TALLAHASSEE, Fla. (AP) — Harlon Barnett wasn’t looking for a job when Florida State knocked on his door.
He was happy coaching at his alma mater, Michigan State. Life was good, especially after the Spartans bounced back from a 3-9 season in 2016 to a 10-3 mark last year.
But just minutes after a Holiday Bowl win over Washington State, Barnett got a text from an old friend. It wasn’t a congratulatory text, it was about a job interview. Barnett’s celebration turned to curiosity as he read the message from an old coaching friend, Raymond Woodie, who had joined coach Willie Taggart’s staff at Florida State.
“He texts me, ‘Call me. Important,’” Barnett said. “I still got it on my phone. I’m never going to erase it.”
The text set the wheels in motion for Barnett, a seven-year NFL veteran who said he prayed for days on whether he should leave Michigan State. It also meant ending a 14-year association with Mark Dantonio dating back to when Dantonio hired him at Cincinnati in 2004 and then at Michigan State in 2007.
Barnett’s defenses have traditionally been among the nation’s best — Michigan State was No. 7 in the Football Bowl Subdivision in total defense (297.6 yards per game) in 2017. In the end, Barnett felt the chance to have full control of the Florida State defense was too good to pass up.
“I was co-defensive coordinator up at Michigan State and defensive coordinator here,” Barnett said. “Just a chance for me to stretch myself.”
Florida State’s defense isn’t a rebuilding job but it challenge Barnett’s abilities. The Seminoles return just four defensive players after safety Derwin James left early for the NFL draft. While Florida State allowed just 21 points per game in 2017, there were late-game defensive breakdowns that contributed to losses to North Carolina State, Louisville and Miami as well as a crushing 35-3 defeat at Boston College.
Taggart has brought a different vibe to Florida State, sparking enthusiasm for the opener against Virginia Tech on Sept. 3 with his “Lethal Simplicity” by implementing a no-huddle offense. But luring Barnett to Tallahassee is as vital as any move he has made.
Barnett inherits a group loaded with talent — led by defensive end Brian Burns, defensive tackle Demarcus Christmas and cornerback Levonta Taylor — but also questions about who will step in at linebacker after losing three seniors.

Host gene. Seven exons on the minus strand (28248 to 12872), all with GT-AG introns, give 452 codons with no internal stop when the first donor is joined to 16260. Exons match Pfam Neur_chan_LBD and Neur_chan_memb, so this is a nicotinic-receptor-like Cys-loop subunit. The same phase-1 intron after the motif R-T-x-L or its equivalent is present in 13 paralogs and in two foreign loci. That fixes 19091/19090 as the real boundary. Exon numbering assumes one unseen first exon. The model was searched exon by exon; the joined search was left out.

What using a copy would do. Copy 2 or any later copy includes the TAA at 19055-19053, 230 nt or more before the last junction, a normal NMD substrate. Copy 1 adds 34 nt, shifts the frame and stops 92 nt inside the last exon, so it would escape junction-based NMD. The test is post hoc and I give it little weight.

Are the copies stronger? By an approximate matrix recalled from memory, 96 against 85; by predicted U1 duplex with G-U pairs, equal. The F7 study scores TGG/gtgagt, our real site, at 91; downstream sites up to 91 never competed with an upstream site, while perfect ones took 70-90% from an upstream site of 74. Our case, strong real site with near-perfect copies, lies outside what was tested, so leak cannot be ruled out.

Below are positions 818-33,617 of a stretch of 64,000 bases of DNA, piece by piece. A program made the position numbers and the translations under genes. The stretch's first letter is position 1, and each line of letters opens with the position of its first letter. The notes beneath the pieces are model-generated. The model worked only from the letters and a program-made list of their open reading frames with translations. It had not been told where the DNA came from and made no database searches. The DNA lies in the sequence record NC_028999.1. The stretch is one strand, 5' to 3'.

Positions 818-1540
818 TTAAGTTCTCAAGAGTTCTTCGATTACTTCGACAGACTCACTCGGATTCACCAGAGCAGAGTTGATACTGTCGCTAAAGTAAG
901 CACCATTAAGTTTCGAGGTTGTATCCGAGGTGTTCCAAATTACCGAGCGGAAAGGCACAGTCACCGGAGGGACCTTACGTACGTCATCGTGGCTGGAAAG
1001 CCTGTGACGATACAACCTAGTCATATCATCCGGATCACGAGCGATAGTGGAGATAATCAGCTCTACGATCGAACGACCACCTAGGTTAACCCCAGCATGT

His defensive scheme is also pretty simple, focusing on an attacking four-man defensive front and letting corners play man-to-man.
“It’s simple and that’s the way coach Taggart wants it,” said Woodie, a linebackers coach under Barnett. “His big thing is being able to stop the run. As a defensive coordinator, you’ve got to be able to do that and everything else is you react to the pass.”
Players have embraced the new scheme, which they feel frees them up to use their natural ability and go off instincts. The Seminoles return to a 4-3 defense after four seasons of running a 3-4 under previous coordinator Charles Kelly.
“This defense is focusing on attacking,” Burns said. “Everything is all in your face. Last year was kind of conservative. But the way I see the defense now, we’re going after it.”
The 51-year old Barnett has played for Bill Belichick, Bill Parcells, Dennis Green and Tony Dungy. He joined Nick Saban’s staff at LSU as a graduate assistant in 2003. Saban and Barnett’s relationship goes back 27 years to when Saban was Cleveland’s defensive coordinator.
Barnett has never had full control of the defense before, even after more than a decade at Michigan State under Dantonio. But Barnett is widely respected for his positive attitude as well as his nasty defenses.
“I think he’ll fit in just perfect,” said Pittsburgh coach Pat Narduzzi, who was an assistant at Cincinnati (2004-06) and Michigan State (2007-14) with Barnett. “He’s got a great personality. He’ll keep it simple enough so those guys aren’t thinking and they’re playing fast. I think they’ll like the style of defense he runs.”